1. Do something you like

The researchers found that taking a break to do an activity that workers enjoy is more beneficial. Your break doesn’t necessarily have to be entirely non-work related, but it should be an activity that you prefer. So, taking a break to run a personal errand that you don’t enjoy might not make for an effective break.

If you happen to work near a park or another green space and like nature (you’re reading TreeHugger, so I think it’s a good bet that you do), consider going for a short stroll. A 2013 study found that a nature walk can help clear a fuzzy brain.

2. Take shorter, more frequent breaks


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The Largest Apprenticeship Investment in U.S. History

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Secretary Perez, right, meets with LeDaya Epps, center, and James Martinez, both apprentices at the Crenshaw/LAX light rail line project office and construction site.
Secretary Perez, right, meets with LeDaya Epps, center, and James Martinez, both apprentices at the Crenshaw/LAX light rail line project office and construction site.

Since Day One, the Obama administration has been focused on building a training and workforce system that serves job seekers and job creators alike. We’re empowering people with the tools to punch their ticket to the middle class, while giving employers a pipeline of skilled workers so they can grow and compete in the 21-century economy.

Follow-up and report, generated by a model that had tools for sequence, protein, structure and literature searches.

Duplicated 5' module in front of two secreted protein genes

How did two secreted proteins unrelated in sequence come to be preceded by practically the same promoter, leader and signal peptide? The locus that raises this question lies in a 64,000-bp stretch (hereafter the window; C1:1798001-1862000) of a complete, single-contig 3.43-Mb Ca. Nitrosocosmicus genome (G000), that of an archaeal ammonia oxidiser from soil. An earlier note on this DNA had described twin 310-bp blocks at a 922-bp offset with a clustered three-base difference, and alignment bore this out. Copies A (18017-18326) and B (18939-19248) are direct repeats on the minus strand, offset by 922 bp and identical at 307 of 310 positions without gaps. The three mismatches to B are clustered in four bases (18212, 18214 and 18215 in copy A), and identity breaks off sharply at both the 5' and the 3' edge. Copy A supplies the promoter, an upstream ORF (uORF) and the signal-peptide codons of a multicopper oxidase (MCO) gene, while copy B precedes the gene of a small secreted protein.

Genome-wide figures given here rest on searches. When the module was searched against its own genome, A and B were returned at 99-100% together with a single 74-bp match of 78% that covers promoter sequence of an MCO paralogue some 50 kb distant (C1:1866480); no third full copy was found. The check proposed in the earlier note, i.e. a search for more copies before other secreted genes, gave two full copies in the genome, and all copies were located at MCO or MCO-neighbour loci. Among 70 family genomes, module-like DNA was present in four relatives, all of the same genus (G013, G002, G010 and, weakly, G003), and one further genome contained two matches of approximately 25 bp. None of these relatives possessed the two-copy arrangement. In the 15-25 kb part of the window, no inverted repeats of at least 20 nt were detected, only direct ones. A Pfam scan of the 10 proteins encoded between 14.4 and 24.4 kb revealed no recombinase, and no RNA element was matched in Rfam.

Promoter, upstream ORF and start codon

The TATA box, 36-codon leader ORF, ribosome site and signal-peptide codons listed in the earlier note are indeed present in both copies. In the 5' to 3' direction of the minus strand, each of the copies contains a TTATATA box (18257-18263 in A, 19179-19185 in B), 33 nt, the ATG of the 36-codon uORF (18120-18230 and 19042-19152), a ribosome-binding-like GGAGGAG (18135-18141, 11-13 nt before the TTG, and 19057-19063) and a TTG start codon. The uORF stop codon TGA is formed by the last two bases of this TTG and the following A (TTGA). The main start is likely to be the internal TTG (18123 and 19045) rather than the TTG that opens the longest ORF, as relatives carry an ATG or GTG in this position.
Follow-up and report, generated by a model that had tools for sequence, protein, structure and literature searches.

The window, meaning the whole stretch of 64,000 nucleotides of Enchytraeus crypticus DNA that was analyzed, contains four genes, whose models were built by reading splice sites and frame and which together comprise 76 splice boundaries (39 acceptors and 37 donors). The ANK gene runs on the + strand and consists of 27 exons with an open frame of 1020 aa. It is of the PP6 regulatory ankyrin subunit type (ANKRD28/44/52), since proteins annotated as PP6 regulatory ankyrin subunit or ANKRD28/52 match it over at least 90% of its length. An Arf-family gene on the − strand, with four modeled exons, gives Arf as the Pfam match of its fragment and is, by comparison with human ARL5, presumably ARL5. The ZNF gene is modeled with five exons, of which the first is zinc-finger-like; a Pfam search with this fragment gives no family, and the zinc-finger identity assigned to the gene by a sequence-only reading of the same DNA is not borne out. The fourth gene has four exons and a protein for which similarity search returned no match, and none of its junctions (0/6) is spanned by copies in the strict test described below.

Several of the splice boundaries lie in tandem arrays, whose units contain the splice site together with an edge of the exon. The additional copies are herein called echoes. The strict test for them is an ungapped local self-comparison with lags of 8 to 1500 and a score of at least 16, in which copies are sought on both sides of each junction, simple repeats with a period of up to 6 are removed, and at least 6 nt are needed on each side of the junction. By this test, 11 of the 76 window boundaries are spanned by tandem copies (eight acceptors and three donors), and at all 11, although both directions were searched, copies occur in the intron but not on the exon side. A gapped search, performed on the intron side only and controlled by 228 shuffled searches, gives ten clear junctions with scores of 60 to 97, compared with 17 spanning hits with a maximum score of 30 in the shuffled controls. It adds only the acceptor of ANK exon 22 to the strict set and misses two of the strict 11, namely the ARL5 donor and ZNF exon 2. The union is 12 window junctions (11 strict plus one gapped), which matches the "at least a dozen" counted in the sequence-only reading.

That’s why we’re doubling down on apprenticeship, a tried and true, earn-while-you-learn model. Every business I visit that has an apprenticeship program swears by it. They talk about the incredible return on investment: greater worker productivity, higher retention rates, reduced injuries and improved morale they see from their apprentices.

And for the themselves, the benefits are undeniable. The average starting salary upon graduation is $50,000. An apprentice will earn an average of $300,000 more in wages and benefits over his or her career than peers who haven’t apprenticed. Apprenticeship offers a smooth pathway to the middle class and to a college degree for those who wish to continue their education and training. I like to call it the other college – without the debt.

President Obama has made it clear that apprenticeships are critical to the strength of our workforce and our economy. Today, at Macomb Community College in Michigan, he announced…

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Deaths from falls increase, but vehicles biggest cause of workplace deaths

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Workplace Deaths from Falls

The number of U.S. workers killed on the job as a result of slips, trips and falls rose nearly 10% in 2014, according to data released Thursday by the Bureau of Labor Statistics.